Ruth, with our friend Andrei at the Orheiul Vechi Historical Complex at Trebujeni, Moldova. Photo taken December 2, 2016.
Where are Kevin and Ruth right now? Chisinau, Republic of Moldova.

Where are they going next? Transnistria. The country that doesn't exist!

Saturday, March 10, 2012

Back to Valle de Bravo

We left the house yesterday morning around 9:30am. Made our way to the Metro station and took a couple of different trains to the Observatorio Terminale de Autobuses. Found our bus line and paid the 130 pesos ($10.40) each for the two hour and fifteen minute ride back to Valle de Bravo.

Our bus didn't leave until 12 noon, so we had an hour or so to wait in the terminal. Had an uneventful ride back, and arrived just after 2:00pm. We had the driver let us off before the town and we just walked the 15 minutes or so to Sherman.

The south western part of Mexico City is really growing. A lot of modern buildings, and more high rises than we saw anywhere else in the city. Here are some photos from the bus window...





It could be that this part of the city has different regulations regarding high rise structures, although we saw none of this type of construction in the northern end of the city, and you would have thought it would have been this way too, so not sure what it is.

Reflections on our visit to Mexico City...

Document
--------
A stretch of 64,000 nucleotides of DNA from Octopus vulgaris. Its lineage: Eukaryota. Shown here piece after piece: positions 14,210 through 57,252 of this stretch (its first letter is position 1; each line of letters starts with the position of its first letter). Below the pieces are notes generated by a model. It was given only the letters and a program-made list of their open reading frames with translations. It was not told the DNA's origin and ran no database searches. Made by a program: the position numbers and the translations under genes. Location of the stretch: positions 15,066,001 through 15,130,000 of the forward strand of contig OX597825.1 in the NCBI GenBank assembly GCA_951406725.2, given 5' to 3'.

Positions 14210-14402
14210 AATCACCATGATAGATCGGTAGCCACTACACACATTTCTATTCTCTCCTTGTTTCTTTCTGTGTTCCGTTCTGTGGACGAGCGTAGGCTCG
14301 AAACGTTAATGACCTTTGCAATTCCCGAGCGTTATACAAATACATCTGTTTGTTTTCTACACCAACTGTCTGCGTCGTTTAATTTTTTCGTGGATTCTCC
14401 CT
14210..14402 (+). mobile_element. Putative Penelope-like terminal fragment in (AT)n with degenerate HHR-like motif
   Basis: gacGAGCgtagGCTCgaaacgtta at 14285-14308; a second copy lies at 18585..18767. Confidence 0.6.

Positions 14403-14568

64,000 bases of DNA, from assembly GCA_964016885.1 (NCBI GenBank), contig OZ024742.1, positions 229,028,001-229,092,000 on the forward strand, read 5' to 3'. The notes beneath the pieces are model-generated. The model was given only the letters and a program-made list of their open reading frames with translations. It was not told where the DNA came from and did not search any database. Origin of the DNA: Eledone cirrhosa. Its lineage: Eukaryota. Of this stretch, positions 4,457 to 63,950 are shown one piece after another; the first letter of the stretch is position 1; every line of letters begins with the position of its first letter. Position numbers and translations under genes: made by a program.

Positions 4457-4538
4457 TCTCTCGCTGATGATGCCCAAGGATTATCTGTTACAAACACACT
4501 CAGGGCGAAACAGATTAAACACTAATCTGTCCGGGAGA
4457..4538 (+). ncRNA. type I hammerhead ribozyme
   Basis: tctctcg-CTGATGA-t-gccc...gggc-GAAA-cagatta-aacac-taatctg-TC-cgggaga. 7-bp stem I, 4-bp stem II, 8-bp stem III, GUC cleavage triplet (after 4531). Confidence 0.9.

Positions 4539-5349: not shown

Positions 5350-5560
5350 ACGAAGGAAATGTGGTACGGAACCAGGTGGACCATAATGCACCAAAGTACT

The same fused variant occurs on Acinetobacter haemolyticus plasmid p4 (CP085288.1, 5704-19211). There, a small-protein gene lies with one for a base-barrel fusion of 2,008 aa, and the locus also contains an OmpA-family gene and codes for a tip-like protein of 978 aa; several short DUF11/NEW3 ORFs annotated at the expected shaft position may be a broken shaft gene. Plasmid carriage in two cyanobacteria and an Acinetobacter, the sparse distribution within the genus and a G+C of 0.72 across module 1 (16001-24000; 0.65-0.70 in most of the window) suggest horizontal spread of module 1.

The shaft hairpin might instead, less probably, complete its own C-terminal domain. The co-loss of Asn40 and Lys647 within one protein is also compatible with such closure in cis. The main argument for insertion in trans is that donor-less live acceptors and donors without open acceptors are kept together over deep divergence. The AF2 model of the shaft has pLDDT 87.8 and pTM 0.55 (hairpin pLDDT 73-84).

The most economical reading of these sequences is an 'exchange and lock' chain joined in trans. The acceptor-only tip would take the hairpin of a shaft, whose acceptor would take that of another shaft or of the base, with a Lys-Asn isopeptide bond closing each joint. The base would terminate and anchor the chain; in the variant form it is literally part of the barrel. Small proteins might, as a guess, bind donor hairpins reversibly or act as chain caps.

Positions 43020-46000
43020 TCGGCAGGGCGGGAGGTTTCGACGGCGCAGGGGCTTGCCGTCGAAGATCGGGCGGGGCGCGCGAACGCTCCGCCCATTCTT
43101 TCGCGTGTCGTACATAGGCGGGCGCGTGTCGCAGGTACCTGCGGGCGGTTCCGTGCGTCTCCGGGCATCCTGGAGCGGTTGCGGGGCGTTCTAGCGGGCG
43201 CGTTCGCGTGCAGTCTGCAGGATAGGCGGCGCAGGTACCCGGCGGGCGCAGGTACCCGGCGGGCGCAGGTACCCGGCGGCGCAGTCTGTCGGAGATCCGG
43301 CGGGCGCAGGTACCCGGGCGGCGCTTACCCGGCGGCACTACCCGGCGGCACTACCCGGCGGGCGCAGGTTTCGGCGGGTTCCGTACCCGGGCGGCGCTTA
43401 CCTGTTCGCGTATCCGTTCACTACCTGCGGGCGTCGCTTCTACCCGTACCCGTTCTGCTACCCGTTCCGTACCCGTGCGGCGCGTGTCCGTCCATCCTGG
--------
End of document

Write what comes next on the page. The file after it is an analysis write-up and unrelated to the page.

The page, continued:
It is absolutely huge. We can't figure how the system can feed these 22 million people grouped so closely together. Imagine the number of eggs that must be produced daily. And yet there are eggs for sale everywhere. And tortillas. And the number of food stalls is incredible. And garbage and waste cleanup. How do they do it? And yet, we were pleasantly surprised that the city is actually cleaner than many of the small towns that we pass through. We've been to Guadalajara and weren't that impressed. Guadalajara seemed to have a huge uncontrolled graffiti problem and that wasn't quite as noticeable in Mexico City, although of course there was some. The metro subway system was cleaner than we've seen in other big cities. The urban transportation system is cheap and efficient. Never once did we feel unsafe or uncomfortable.

We spent a total of 3,000 pesos ($240) during our one week trip to Mexico City, including transportation to and from Valle de Bravo. Many thanks to our www.couchsurfing.org hosts! You made our visit very enjoyable, so thanks for your hospitality and we hope to see you again someday!

10 comments:

  1. Interesting on the high rise buildings, never would have thought Mexico would be a mecca for that anyway. Isn't their largest income the tourists? Maybe I'm wrong. 22 million people. Wow, just can't imagine that, even Los Angeles bothers me a little with the size and numbers.
    But it does look clean there for sure (based on your photos).

    Hope things are good with Sherman!

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  2. I traveled around Mexico in the mid-1980's and based on what I've seen from your travels and photo's, the country has become much more developed and wealthy. It really seems quite different.